We will use formatting options to make our map both prettier and more useable. We will focus on what we can do with the legend, tooltip, and labels.
- Modify map colors.
- Edit the legend.
- Customize the tooltip.
- Add labels.
What bothers me about this map is that the United States, at rank #1, is the lightest color, whereas I associate the darkest color with the highest rank. In fact, if we were still using the count of number of records itself, instead of rank, the United States would be the darkest.
You can get the same result by clicking on Color in the Marks shelf and choosing Edit Colors.
Note: Diverging color schemes are useful when there is a central point that all values are arranged around, creating two "categories" of value. For example: Positive vs. negative, good vs. bad, low vs. high. We do not need a diverging color scheme, but it is worth pointing out the Red Green Diverging choice. Red and green are often chosen as two of the main colors in a visualization, but a significant portion of the population is red-green colorblind! When choosing multiple colors, always check to make sure that the chosen palette will be colorblind accessible.
While we are at it, we may as well change the title of the legend. Rank of CNT(mods.csv) or Rank of SUM(Number of Records) is not an ideal choice.
If you hover your cursor over the various countries on our map, you will notice that an informative box pops up for each country from our dataset. It currently displays the Country and rank.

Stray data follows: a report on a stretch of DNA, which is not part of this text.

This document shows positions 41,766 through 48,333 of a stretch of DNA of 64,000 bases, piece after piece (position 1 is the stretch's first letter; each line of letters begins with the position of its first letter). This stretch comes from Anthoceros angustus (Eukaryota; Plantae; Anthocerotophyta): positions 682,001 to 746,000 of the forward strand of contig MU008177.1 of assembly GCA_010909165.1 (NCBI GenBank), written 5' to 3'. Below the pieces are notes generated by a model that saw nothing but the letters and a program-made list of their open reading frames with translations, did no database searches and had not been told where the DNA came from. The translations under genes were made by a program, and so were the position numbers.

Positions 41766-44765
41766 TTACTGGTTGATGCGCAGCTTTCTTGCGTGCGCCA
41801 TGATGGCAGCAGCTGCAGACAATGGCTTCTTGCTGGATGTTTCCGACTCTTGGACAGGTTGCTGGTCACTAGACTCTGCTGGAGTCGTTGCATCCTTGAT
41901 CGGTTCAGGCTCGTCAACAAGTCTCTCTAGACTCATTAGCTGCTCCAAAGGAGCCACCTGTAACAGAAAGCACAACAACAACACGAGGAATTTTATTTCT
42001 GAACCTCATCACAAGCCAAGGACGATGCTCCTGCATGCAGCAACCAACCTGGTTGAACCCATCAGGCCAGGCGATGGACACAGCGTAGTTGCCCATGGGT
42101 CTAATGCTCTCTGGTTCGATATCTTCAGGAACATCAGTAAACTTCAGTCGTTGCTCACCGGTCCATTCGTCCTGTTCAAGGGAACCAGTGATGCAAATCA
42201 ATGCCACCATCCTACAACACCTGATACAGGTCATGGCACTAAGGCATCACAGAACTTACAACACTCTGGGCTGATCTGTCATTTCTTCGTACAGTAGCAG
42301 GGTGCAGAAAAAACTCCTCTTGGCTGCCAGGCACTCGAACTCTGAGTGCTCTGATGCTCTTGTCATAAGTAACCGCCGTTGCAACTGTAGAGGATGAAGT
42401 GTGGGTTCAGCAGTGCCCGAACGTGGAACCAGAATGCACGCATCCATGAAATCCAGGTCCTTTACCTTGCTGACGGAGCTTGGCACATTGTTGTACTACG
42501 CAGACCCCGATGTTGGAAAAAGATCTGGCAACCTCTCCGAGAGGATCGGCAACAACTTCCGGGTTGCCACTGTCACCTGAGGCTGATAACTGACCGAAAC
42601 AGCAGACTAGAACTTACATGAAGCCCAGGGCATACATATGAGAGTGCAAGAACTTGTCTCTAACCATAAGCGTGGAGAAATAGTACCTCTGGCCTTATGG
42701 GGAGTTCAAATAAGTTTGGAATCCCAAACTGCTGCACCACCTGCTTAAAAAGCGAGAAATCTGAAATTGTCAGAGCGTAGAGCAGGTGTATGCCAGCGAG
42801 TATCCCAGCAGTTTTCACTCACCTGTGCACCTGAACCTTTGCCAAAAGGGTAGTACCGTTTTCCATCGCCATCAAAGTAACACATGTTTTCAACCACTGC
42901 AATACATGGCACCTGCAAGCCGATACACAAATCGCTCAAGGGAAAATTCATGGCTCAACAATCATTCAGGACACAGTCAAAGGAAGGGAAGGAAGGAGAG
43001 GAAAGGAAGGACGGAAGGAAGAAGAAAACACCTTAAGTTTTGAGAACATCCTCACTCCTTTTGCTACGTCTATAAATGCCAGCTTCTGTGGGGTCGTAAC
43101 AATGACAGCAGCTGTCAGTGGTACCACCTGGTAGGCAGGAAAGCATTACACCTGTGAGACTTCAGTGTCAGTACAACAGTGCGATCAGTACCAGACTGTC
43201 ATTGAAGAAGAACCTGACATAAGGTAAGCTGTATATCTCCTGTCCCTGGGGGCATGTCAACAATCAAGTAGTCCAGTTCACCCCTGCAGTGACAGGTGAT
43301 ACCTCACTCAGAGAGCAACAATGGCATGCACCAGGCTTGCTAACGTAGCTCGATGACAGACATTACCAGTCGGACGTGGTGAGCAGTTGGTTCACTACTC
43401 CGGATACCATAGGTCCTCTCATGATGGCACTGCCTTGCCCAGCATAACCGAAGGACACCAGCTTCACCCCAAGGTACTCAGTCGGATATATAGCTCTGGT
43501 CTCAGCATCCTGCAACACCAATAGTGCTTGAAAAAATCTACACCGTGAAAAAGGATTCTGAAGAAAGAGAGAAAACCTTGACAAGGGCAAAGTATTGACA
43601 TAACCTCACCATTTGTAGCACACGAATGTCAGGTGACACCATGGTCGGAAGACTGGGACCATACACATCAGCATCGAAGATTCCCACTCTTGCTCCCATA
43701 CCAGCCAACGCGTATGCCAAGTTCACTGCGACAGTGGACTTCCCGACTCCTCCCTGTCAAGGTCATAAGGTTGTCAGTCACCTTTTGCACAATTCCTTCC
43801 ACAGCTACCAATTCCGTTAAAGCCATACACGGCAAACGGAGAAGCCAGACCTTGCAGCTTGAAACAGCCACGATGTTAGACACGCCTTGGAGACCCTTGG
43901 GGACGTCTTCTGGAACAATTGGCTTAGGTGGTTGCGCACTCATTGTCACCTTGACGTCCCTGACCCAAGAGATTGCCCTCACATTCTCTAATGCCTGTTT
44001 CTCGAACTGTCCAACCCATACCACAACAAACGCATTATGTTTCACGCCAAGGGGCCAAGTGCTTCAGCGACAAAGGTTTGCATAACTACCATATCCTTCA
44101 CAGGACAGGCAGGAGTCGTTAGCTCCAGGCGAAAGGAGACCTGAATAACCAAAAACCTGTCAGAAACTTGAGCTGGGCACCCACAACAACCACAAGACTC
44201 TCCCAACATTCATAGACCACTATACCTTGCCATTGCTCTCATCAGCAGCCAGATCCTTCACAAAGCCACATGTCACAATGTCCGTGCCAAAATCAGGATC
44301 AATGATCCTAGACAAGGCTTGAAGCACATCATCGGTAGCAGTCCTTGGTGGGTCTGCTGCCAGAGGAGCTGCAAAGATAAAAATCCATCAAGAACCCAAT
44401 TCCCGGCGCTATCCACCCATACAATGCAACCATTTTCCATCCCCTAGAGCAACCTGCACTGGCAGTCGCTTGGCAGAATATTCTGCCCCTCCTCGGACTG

The tooltip is one of Tableau's most useful interactive features. It is automatically generated by Tableau as we add and remove various dimensions and measures. We can choose to add dimensions or measures directly to the tooltip. We can also modify the text of the tooltip itself. However, once we modify the text, Tableau will not know if automatically updating the tooltip might interfere with our changes. Some updates will still occur, but they may not be consistent or predictable. It is possible to reset the tooltip to Tableau's automatically generated one, but this would remove all of our changes. Therefore, never edit the tooltip text until you are satisfied with the dimensions and measures displayed on your chart, but don't stress if you realize you do have to change something later after all.
We will start by making use of Tableau's automatic tooltip generation.
Because Tableau automatically displays the sum of any measure we add in this manner, Endorsements is calculating the sum of endorsements for all mods for each country. This means that the measure is heavily skewed by the number of records and is therefore not telling us anything particularly new or interesting. We can instead change it to the average to see how many endorsements a given country's mods receive on average.
Since we are satisfied with the measures we are displaying in the map, we should be ready to directly edit the tooltip text. Our goal here is to add clarity, remove irrelevant information, and make the tooltip look pretty.
Note: Do not change
<CNT(mods.csv)>. This phrase references the measure itself, so changing the name would confuse Tableau and cause errors.
<Country>by clicking the align Center box on the top row of the tooltip editor.
A final note: Try hovering over the United Kingdom and examine the tooltip that pops up. It will list the country as either England with 2 mods, United Kingdom with 267, or Wales with 3.
This is because when we mapped England and Wales to the UK, we did not actually change the data. Even in this case it might have been preferable to use a data cleaning tool to change England and Wales to United Kingdom so we would have more consistent data.
This section is optional. We will test out labels, but we are not going to end up changing anything in the visualization.
We can also consider adding labels to the various countries on our map.